Meanwhile we may well find ourselves in a January 2020 situation at any moment with the appearance of a complete-escape variant…2

Moreover, as we transition from a heroic, one-time effort to stand up an infrastructure that put billions of doses in arms to a more routine program of booster vaccination, healthcare providers must integrate and institutionalize COVID-19 vaccinations into their broader ongoing operations.

I have yet to see anyone with a serious platform question the wisdom of staking the existence of organized society (for that is what is at stake — we would have to abandon large cities if this particular virus is out of control in the population for sufficiently long) on a very complex and fragile technology that can disappear at any moment, but which has to be used on a permanent basis to keep immunity levels high enough to avoid a collapse of the system. We will not be able to make those vaccines, at all or at the very least at the necessary scale, at some point in the future, that is near-guaranteed, because of the overall trajectory of industrial civilization. Then what?

Vulnerable populations

The final critical element of limiting death from COVID-19 is outreach to those who are most at risk. Some groups, whether because they live in crowded settings, suffer from socioeconomic disadvantage, or have limited access to healthcare, have been disproportionately affected by the pandemic to date. As the level of public attention focused on COVID-19 wanes, societies must be careful to avoid strategies that place a disproportionate burden on the most vulnerable. While some progress has been made, those with low-wage frontline jobs, those living in more crowded settings, and those with the least favorable access to healthcare have too often borne the greatest burden during the pandemic.

Another thing nobody seems to have caught on is that the vaccines actually made the vulnerable more vulnerable and unprotected. Because the vaccines don’t work that well in the elderly and the immunocompromised, but they work a lot better in the young and healthy. Where it was the lowest to begin with, without vaccines.

So the risk for the latter is minimized, which removes all incentives for them to support non-pharmaceutical intervenions (that is still extremely foolish — those breakthrough infections in the young only appear harmless — but in the short term the consequences are not obvious). Then the vulnerable are left exposed and at high risk even if they are vaccinated.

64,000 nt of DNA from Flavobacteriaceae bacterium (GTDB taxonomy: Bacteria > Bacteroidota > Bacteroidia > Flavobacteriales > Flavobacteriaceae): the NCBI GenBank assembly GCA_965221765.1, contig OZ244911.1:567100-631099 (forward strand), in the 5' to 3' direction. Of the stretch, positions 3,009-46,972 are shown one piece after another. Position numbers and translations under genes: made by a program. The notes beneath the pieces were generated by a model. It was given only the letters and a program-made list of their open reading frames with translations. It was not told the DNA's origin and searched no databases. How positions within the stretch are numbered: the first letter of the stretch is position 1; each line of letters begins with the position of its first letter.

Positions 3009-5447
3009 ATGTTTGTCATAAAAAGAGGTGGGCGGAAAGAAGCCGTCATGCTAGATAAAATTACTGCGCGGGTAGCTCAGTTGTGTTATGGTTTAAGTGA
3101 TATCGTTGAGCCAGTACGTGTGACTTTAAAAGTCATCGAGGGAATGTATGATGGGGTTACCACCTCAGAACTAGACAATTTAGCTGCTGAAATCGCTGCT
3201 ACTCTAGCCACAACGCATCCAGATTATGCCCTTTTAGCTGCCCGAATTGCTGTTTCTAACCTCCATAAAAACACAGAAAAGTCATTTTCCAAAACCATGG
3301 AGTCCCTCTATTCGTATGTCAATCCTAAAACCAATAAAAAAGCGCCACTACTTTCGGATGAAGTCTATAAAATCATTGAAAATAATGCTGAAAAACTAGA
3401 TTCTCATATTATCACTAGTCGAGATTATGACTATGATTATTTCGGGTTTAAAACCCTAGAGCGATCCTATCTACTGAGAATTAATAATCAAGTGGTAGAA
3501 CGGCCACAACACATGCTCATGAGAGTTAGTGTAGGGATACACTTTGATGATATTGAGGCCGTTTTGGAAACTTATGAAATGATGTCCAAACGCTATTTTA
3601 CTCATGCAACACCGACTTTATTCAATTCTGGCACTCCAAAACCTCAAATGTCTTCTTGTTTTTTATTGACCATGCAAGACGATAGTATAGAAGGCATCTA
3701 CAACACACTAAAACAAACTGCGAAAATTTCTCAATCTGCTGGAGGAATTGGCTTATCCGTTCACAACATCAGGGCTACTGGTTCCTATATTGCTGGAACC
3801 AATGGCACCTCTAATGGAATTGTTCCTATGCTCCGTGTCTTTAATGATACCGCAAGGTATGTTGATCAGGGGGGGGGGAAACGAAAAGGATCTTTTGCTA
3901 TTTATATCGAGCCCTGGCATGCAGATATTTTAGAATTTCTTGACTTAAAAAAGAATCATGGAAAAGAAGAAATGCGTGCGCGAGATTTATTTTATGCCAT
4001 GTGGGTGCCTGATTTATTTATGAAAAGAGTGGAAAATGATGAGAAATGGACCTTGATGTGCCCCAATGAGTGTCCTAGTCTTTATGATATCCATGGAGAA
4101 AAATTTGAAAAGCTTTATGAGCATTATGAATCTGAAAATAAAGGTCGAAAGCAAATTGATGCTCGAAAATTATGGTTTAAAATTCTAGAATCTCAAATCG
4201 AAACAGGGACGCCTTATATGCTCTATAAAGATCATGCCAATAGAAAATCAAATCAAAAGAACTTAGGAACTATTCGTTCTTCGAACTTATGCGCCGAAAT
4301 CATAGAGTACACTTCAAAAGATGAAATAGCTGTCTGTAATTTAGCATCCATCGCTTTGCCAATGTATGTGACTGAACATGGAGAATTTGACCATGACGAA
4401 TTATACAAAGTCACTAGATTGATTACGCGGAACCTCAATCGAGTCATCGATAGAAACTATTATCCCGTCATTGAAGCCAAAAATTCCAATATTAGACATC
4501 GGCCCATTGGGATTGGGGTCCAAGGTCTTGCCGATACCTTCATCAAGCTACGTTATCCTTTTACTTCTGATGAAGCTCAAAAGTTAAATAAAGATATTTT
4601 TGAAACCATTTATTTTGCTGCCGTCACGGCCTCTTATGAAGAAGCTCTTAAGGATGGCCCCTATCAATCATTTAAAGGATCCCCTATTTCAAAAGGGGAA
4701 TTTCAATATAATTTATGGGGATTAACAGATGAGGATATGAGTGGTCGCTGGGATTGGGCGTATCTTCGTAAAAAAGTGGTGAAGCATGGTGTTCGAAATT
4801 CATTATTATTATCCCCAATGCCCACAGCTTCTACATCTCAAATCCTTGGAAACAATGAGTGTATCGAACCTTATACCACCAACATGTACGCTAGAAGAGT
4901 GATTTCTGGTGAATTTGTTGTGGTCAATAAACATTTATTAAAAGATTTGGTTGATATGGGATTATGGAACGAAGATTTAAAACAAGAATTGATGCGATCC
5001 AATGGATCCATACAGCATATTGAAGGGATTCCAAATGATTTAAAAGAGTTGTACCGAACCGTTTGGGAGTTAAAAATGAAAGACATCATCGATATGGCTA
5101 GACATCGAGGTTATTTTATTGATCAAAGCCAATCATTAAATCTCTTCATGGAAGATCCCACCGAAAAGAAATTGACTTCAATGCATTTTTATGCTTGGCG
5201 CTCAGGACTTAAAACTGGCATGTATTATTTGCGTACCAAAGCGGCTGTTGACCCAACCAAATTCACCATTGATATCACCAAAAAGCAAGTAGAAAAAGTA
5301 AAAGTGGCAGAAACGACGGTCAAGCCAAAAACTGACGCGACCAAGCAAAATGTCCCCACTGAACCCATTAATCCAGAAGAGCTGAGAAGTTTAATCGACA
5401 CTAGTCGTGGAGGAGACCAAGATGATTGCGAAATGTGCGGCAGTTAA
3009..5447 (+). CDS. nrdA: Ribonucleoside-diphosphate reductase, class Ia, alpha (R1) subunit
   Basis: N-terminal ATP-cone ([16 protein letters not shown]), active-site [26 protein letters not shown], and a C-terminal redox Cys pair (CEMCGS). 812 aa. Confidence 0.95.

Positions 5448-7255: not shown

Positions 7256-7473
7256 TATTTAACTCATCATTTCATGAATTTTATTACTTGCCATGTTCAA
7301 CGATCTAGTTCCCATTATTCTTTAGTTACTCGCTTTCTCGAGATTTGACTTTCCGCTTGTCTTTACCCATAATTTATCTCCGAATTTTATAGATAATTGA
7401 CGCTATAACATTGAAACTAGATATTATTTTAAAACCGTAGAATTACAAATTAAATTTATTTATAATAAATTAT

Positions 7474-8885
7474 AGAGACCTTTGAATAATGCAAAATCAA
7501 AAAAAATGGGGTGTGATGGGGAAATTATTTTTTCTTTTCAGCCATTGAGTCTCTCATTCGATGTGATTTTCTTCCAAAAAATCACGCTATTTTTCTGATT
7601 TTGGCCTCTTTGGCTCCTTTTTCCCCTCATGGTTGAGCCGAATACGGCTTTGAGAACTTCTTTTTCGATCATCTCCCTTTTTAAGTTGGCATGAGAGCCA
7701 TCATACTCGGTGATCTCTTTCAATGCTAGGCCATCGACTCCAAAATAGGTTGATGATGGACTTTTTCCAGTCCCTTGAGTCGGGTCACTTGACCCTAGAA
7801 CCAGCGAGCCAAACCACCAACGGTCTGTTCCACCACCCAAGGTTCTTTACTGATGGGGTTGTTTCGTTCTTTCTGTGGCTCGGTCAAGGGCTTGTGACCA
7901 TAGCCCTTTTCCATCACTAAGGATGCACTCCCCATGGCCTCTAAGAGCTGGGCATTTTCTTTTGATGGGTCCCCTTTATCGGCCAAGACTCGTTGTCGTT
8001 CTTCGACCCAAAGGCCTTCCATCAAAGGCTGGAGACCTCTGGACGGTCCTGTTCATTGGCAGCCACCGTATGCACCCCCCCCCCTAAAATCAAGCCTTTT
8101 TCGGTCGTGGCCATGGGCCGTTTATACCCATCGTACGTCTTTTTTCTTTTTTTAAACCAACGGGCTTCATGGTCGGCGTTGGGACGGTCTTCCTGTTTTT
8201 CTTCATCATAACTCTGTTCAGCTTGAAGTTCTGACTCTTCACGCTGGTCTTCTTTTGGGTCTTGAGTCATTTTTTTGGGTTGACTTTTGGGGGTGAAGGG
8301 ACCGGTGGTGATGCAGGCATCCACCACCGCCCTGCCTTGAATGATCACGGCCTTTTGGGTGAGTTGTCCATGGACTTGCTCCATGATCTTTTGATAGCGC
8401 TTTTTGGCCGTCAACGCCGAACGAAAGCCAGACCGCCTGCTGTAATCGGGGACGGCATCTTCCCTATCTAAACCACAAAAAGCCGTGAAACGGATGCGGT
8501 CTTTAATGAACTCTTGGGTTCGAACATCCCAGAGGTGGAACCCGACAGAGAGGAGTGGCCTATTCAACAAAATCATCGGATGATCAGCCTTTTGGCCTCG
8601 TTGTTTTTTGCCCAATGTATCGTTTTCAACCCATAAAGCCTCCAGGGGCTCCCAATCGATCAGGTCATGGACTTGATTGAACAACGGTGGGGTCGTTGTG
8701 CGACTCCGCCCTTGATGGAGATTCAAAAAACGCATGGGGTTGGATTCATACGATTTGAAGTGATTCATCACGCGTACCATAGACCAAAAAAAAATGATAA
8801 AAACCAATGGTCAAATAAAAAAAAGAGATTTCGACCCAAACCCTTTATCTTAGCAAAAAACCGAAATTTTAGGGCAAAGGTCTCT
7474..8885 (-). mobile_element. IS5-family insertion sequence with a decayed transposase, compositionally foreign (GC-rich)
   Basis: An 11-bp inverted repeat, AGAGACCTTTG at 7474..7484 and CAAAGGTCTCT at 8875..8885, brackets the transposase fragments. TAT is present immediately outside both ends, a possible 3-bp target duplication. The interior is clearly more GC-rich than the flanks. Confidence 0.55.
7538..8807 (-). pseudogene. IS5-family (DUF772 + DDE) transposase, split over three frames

And then you end up with situations like the one in Russia now, which is an extremely scary precedent that few are paying attention to — they declared that people over 60 who are unvaccinated are not allowed to leave their homes, i.e. total lockdown but only for those people.

But what happens when the complete escape mutant arrives? Which it most likely will at some point.

At that point everybody is suddenly unvaccinated again. Will they just lockdown everyone over 60? It is only one step removed from what they are doing now…

But guess what? That is exactly the GBD proposal — “shield the vulnerable”, let everyone else get infected, but in a much less veiled form…

Widely available and rapid testing can help individuals and societies take the steps needed to limit further transmission.

Rapid testing is a ruse designed to trick people into agreeing to uncontrolled spread.

Because that is exactly what has happened wherever it is widely available. The UK is a classic example — they have had a rpaid testing for a long time, and what has that gotten them? Officially 40K cases a day, in really 80-90K infections a day, for many months now…

Yves adds: Rapid testing by itself is not productive unless those who test positive isolate and report on their contacts around the time of peak infectiousness, if they developed symptoms and can work from the onset date, or otherwise recent ones. That in turns requires support for those who hole up (income replacement, delivery of food and other needed household items; for some, child care) and contact tracing with testing and isolation requirements. Neoliberal-infested governments lack the will or competence to do anything remotely that disciplined.

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The bits that GM flagged were particularly noxious. Readers with strong constitution or hazmat suits could be so bold as to look through the entire document and highlight other nasty bits in the comments section.

1 The article conceded some of these apparent reinfections could have reactivation rather than a new infection, but that’s not a terribly cheery alternative. And this is pre-Delta.

2 Via a separate e-mail, GM gave a new sighting as a reminder that the odds of this happening are not as remote as the “Don’t worry” though police want you to believe:

A potentially important update on the still undesignated variant from France/Congo that I think I mentioned a couple weeks ago and that is likely a complete or near-complete escape variant:

It was first sequenced in Congo (Brazzaville) in late September. Then there were several clusters in France, and it also showed up in the UK, Italy and Switzerland.

Then Congo reported a bunch of additional sequences yesterday. They don’t sequence much there, but other than this one it is all Delta there, i.e. right now it is not at all clear that we are not in a situation in which this thing is replacing Delta rather than the other way around.

And now it’s already in California too (Delta was first detected in the US there too):

First USA sequence (California):

So this thing is spreading quite widely already and very fast too. Again, this is first detection in Congo (where they don’t sequence much anyway, and then within a month it is all over France, in multiple countries in Europe, and in the US too).

And everyone is asleep…